Swift preparations made by the Maoists for a strike within a short period indicate their area domination and military capability. The Greyhound troops entered into that area three days before the attack, even as the Maoists watched their movements. They also knew about their return route as the greyhound troops earlier requested for a mechanized boat from the irrigation department to cross the reservoir. Similarly, the June 16 incident happened when a Landmine Protection Vehicle (LPV) was carrying the SOG personnel was on its way from MV 126 to MV-41. The SOG personnel were returning from the place where the house of a BJP leader was attacked by the Maoists the previous night.

The similarities of these two incidents indicate a new tactic being adopted by the Maoists - of letting the forces to get into the liberated areas and attack them on their exit. Since the Maoists are well aware about topography, they can attack very easily once the enemy is in their territory. In the last incident, they had deliberately created some violence in that village, because they knew that the security forces would be passing through the culvert. As part of the plan, they did not set up mines while the forces entered into the area so as to convince them that the area was free from Maoist attack. This made the forces complacent and least anticipative of an attack on their return route to the camps. The Maoists have thus taken care to attack the forces when they are most vulnerable and least prepared to counter attack.

The Communist Party of India-Maoist (CPI-Maoist) took a decision at the 9th Congress in January 2007 to develop the movement from the present guerrilla warfare to mobile warfare and urban warfare as a central policy. In fact, a recently circulated CPI-Maoist pamphlet on the Nayagarh attack, named ‘Operation Ropeway’, said the Nayagarh attack was first incident in India where this central policy was executed.

Interestingly, as part of their mobile warfare tactics, the CPI-Maoist Orissa State committee decided against major attacks like the Nayagarh. ‘ambush attack’ on police. They were to more rely on ‘planned guerilla’ attacks, to be undertaken almost every other day. The plan is to engage security forces on a day-to-day basis by either killing someone or attacking on both private or government property.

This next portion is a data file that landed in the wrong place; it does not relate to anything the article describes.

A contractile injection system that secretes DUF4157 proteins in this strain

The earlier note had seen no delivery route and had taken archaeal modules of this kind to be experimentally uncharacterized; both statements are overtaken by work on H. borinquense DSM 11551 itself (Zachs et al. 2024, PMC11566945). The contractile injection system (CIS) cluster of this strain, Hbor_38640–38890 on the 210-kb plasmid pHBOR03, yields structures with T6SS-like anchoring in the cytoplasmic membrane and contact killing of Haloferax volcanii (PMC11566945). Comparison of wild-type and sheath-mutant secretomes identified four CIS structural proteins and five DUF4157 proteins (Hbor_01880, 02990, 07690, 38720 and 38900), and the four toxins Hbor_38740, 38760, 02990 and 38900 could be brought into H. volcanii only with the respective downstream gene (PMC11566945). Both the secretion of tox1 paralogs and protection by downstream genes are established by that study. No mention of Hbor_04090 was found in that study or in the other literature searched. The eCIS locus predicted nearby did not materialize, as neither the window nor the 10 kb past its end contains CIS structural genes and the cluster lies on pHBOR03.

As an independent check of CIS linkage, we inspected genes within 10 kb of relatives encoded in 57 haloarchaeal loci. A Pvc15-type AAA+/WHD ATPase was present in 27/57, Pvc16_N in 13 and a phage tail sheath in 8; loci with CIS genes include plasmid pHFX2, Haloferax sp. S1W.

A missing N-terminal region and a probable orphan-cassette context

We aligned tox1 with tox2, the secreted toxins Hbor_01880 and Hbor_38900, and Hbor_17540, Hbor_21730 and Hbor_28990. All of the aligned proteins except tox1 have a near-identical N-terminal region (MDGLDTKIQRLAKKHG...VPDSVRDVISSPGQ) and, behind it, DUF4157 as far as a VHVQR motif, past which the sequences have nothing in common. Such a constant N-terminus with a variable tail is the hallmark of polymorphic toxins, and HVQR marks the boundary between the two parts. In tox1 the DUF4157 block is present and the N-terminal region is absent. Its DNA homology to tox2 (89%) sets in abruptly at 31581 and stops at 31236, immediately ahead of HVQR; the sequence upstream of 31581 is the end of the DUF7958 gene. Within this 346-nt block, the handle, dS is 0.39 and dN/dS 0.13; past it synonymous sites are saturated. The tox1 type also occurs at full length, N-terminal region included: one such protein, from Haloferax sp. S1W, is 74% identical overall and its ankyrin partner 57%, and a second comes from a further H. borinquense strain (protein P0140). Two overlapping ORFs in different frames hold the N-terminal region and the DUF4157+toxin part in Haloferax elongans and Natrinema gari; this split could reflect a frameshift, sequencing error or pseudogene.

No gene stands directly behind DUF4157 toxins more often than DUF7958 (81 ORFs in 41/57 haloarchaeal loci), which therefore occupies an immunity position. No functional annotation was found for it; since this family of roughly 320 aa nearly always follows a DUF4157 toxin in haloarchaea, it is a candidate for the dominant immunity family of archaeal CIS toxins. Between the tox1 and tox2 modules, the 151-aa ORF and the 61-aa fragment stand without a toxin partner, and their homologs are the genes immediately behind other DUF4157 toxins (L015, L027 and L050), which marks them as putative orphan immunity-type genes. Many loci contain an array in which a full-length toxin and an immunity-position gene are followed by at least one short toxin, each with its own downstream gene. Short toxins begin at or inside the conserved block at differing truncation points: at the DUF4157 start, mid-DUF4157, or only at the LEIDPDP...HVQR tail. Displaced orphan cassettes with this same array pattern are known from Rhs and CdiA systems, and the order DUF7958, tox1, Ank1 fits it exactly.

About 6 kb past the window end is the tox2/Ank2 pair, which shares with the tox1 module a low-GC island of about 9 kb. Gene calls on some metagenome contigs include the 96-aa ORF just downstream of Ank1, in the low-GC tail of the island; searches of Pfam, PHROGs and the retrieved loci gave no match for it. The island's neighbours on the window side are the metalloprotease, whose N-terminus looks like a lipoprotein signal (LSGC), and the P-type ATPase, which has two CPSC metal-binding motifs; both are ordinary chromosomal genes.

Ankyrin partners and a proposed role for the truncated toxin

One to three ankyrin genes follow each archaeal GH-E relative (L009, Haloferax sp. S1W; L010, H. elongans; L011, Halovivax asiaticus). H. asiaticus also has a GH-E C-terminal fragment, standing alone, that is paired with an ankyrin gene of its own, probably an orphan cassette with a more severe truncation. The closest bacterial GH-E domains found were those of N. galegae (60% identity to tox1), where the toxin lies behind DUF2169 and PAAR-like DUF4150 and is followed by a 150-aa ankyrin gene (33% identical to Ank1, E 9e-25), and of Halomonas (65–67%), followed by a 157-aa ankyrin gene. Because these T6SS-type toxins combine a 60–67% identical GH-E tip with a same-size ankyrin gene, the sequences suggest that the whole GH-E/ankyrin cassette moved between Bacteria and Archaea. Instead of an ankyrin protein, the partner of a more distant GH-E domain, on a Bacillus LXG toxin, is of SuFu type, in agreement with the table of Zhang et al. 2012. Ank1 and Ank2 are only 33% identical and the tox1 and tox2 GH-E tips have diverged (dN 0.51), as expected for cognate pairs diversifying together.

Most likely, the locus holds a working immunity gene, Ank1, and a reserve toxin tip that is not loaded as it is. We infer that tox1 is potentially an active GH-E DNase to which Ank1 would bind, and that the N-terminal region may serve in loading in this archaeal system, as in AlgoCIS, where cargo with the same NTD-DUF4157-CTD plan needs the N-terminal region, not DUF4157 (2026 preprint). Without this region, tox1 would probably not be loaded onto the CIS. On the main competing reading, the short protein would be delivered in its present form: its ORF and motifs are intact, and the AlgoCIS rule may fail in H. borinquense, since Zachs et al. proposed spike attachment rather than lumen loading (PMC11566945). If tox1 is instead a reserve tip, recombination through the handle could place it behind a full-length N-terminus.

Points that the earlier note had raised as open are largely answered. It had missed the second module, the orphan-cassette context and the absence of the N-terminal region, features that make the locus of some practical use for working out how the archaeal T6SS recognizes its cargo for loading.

However, theoretically, bigger or company level formations are another feature of the mobile warfare. Mobile warfare also needs high quality technique and sophisticated weapons. Although the Orissa Maoists have acquired sophisticated arms from the Nayagarh attack, they are yet to reach that stage (bigger formation), which is very essential for mobile warfare. Company level formation is delayed due to shortage of dedicated armed cadres in Orissa. It is learnt that the central committee has deputed around 200 Maoist cadres from Chhattisgarh and Andhra Pradesh to Orissa for organization building in Malkangiri, Koraput, Kalahandi, and Nawarangpur. They have been trying to set up a corridor from Kalahandi-Nuapada and Bastar. Most importantly, it is believed that the Balimela attack was carried out by Malkangiri division, which functions under the Andhra Pradesh- Orissa Border (AOB) Special Zone Committee, with support of Orissa State Committee, and Poplur squad. Therefore, the phenomenon reflects an occasional mobile warfare or initial phase of mobile warfare in the eastern provinces of India.

(Nihar Ranjan Nayak is Associate Fellow at the Institute for Defence Studies and Analyses, New Delhi. He can be contacted at